Preventive strategies for plantar fasciitis include stretching and avoiding rapid increases in distance or exertion levels. Another related issue is plantar fibromas, which are fatty cysts that can enlarge and become painful during extended walks. If you have unexplained foot pain following your walking event, consult your podiatrist as soon as possible.

  1. Achilles tendon issues. An Achilles tendon tear, normally caused by overuse or overtraining, can be devastating. The tendon runs from the back of your heel up the back part of your leg and connects the calf muscles with the heel bone. After age 30, the Achilles tendon becomes more vulnerable to injury because blood flow to the area decreases and the tendon loses elasticity. With extended use in distance walks, it can become inflamed.

Stretching is important to prevent injuries and you should pay careful attention to any pain or tenderness. If you feel pain in the Achilles tendon area during your walk, stop immediately and rest. If pain continues after your event, see a foot pain expert right away.

  1. Sesamoiditis or injured sesamoids. Right under the big toe are 2 small bones encased in a tendon. These act like pulleys by providing a smooth surface over which the tendon can move, enhancing its ability to move the muscles during walking. When these small bones become inflamed, they can become very painful.  Proper protection and cushioning for the front portion of your foot can help prevent sesamoid injuries, but consult your foot doctor after the event if you feel pain in this portion of your foot.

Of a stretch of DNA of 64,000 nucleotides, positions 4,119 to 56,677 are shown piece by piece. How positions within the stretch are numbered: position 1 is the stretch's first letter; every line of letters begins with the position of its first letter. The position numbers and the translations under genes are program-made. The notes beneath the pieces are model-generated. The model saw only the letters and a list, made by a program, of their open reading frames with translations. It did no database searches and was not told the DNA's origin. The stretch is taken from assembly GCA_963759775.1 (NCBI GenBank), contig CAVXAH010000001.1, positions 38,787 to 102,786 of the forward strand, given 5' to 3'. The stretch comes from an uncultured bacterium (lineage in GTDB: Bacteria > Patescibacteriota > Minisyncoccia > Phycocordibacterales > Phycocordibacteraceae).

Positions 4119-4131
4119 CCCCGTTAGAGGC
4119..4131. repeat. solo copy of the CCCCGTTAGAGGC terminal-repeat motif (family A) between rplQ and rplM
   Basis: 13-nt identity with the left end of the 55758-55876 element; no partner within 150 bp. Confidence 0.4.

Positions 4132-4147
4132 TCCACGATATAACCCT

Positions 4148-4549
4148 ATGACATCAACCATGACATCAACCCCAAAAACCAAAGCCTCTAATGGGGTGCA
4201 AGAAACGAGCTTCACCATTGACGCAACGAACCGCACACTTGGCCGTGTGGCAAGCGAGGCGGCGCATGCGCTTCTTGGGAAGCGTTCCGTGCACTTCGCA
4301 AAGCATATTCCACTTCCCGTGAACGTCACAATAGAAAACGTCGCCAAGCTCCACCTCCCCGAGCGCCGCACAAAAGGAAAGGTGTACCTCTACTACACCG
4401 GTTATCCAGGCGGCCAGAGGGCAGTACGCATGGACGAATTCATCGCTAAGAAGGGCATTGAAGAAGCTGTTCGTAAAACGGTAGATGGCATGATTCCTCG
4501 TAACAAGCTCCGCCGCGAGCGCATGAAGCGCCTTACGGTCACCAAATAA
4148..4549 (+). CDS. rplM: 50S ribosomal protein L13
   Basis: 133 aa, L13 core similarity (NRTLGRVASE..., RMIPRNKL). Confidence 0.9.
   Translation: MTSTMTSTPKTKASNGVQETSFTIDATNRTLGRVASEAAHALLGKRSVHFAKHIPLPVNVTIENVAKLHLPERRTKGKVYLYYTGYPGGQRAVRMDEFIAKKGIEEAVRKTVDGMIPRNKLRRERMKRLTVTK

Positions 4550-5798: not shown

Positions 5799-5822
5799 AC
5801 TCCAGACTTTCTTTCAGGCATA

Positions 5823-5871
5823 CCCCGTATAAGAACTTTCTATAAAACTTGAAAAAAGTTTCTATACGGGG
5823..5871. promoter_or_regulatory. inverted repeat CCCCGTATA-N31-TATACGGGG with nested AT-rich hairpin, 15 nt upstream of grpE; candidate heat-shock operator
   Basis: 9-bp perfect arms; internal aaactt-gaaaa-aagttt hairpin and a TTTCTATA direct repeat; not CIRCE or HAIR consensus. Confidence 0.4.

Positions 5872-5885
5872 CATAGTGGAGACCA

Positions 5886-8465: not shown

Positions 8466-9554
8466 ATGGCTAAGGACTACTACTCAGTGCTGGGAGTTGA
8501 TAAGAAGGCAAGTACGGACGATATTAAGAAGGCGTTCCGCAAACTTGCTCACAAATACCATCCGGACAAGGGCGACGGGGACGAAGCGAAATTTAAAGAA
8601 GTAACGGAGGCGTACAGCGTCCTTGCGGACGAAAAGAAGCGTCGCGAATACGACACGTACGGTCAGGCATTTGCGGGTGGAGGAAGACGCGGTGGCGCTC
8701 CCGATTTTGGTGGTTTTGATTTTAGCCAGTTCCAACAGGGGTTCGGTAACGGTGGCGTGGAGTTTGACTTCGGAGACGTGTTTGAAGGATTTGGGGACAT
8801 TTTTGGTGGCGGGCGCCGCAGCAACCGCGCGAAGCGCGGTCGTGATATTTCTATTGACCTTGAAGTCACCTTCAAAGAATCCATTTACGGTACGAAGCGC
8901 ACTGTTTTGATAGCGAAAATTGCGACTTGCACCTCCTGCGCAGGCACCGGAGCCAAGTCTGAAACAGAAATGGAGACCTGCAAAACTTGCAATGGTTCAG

Have fun! And let us know if we can help keep your feet healthy this season

We congratulate you on your commitment to charitable giving and we wish you a happy, healthy walking event! We hope these tips will help you avoid foot pain and other issues. If you need advice or treatment before or after your event, Dr. Jeffrey Wachtel is here for you.

As a seasoned podiatrist with many successful years in practice, Dr. Wachtel serves hundreds of patients near Lansdale, Pennsylvania. He is happy to consult with you whenever you’re experiencing foot pain, discomfort or changes in foot function.

Source

Institute for Preventive Foot Health

About Jeffrey Wachtel

Jeffrey Wachtel has written 269 post in this blog.